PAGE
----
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Management Side
Week of 10 Oct 11: Management by housekeeping

Some (many) think housekeeping is just the fad of the week or month.  They view housekeeping and organization as an unnecessary waste of time and effort—a burden, not an aid.  Common reaction is, “Yeah, well, OK.”  As soon as the boss who instituted this policy leaves, things go back to the way they were, if they ever were raised to a higher standard.

Let us go through a little math.  How much time do you think you spend looking for things?  An hour a day?  That works out to 12.5% of your time.  Let’s assume you are the norm—if so, you spend 5 – 10% of your time looking for things.  If you follow LOC (Lean, Orderly, Clean) principles, you can get this down to 2% or less per day.

Let’s take this a bit further.  Assume you have 100 people reporting to you and they are all like you—they spend 10% of their time looking for things.  If you can drop this to 2%, you just picked up the equivalent of 8 people’s time.  Would you not like to have 8 more people?  What is the chance of going up the management ladder with a request for 8 people and being told “yes?”  The good news is, you don’t have to, because if you start managing by cleaning up and organizing, you already have them.

There is another advantage that will happen like magic when you have your area of responsibility operating in this manner.  Not only does it become easier to manage because you have more time from all of your people, it becomes easier to manage because you can visibly see when anything is out of place.  If everything has a place and is normally in that place, it is quite easy to notice something that is not.  This is managing by exception.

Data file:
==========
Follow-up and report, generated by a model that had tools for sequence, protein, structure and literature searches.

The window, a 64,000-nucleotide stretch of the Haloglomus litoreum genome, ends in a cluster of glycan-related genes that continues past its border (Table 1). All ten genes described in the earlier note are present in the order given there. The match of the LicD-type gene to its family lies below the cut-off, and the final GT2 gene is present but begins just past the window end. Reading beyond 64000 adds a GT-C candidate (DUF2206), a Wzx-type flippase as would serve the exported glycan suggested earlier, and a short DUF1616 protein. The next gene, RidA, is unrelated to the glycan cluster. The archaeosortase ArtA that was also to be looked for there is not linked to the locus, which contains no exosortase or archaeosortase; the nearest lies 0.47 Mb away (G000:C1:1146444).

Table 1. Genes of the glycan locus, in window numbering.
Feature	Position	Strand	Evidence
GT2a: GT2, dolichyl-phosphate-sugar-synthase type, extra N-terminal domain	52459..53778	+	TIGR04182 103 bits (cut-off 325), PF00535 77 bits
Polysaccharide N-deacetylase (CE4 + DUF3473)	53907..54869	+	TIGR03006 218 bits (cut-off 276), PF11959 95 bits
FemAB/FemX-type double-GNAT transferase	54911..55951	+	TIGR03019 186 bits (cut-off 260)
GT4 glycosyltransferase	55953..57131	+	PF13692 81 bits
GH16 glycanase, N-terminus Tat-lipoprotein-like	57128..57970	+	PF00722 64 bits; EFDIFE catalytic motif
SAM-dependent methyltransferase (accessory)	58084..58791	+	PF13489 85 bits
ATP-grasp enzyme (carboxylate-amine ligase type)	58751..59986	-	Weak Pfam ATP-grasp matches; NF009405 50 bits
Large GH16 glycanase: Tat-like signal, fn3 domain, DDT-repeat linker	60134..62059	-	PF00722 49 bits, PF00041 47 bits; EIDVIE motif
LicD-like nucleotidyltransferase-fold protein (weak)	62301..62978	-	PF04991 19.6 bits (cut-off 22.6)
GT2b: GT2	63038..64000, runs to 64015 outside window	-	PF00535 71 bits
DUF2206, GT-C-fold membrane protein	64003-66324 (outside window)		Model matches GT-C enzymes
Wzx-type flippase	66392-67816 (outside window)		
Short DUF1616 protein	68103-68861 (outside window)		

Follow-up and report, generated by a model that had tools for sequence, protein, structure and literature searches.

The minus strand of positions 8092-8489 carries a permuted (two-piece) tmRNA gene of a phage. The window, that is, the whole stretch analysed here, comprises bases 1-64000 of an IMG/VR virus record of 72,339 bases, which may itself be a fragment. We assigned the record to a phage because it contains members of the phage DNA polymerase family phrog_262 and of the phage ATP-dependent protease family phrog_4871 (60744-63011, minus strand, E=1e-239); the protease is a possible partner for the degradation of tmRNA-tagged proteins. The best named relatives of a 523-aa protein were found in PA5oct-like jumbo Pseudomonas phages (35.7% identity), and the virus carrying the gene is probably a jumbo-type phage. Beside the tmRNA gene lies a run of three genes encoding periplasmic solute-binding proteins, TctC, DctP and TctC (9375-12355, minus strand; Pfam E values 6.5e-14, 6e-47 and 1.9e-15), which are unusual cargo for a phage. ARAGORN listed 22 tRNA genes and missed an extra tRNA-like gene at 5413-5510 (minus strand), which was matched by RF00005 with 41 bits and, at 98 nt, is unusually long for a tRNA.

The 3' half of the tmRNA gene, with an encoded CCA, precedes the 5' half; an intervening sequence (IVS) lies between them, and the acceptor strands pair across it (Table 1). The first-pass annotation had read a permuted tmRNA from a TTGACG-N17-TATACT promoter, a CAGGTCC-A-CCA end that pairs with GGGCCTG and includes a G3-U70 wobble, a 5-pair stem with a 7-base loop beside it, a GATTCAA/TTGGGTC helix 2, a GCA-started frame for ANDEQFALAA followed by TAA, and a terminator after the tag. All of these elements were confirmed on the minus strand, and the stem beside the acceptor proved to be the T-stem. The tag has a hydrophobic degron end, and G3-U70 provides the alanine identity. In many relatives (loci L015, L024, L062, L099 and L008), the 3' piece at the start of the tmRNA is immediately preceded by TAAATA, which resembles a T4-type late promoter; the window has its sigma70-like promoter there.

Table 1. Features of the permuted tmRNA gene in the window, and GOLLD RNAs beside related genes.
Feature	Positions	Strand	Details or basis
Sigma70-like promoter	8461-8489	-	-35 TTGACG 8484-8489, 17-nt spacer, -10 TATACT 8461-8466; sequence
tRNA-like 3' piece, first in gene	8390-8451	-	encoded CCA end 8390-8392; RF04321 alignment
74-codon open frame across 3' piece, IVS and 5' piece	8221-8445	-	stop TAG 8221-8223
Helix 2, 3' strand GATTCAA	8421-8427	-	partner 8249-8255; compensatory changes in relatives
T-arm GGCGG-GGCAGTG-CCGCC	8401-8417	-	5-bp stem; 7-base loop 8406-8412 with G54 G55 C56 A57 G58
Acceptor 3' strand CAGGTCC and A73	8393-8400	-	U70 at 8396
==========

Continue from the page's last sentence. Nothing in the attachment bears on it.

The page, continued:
Don’t think this works?  Look at the military, the ultimate management challenge.  The military is capable of taking people of absolutely any educational background and accomplishing great objectives with them.  They manage by LOC principles.  The very first thing they do is teach the soldier to manage themselves—starting with personal hygiene and their uniform.  Before they have completed this training, they have the soldier start managing other items.  By the time they complete the majority of this training (you never really complete it), a soldier under fire can respond effectively, because where everything is located comes natural for them.

How do you start?  Take every level surface (operating floors, basements, roofs, everything) and assign a manager to bring it up to your LOC standards.  Have the managers cross check each other’s areas.  Do this regularly.

It will take a bit of extra time to start with, but if you concentrate on the most problematic areas first, as soon as they are taken care of, you’ll have the extra time you need to clean up everything else.  The time savings multiplies as in a snowball effect.  Get things clean and organized and keep them that way forever.

Don’t want to do this? Consider that perhaps your competitors have.  If so, you are starting with an automatic 8% efficiency gap.  You have no chance of catching up.

For our quiz this week, we’ll ask you a couple of question about housekeeping.  You may take it here.

For safety this week, almost anyone can see a facility operating with LOC principles is going to be a safer one than one that is not.  Clean up and watch safety improve.

Be safe and we’ll talk next week.

Thanks for supporting us for the last 10 years—we are grateful for your loyalty!

A Consultant Connection Member at your service: Is it really slime? Does something smell funny? Developing a product new antimicrobial properties? Independent Biocide Consulting & Audits. Solving problems. Saving money. International Microbial Associates Linda Robertson

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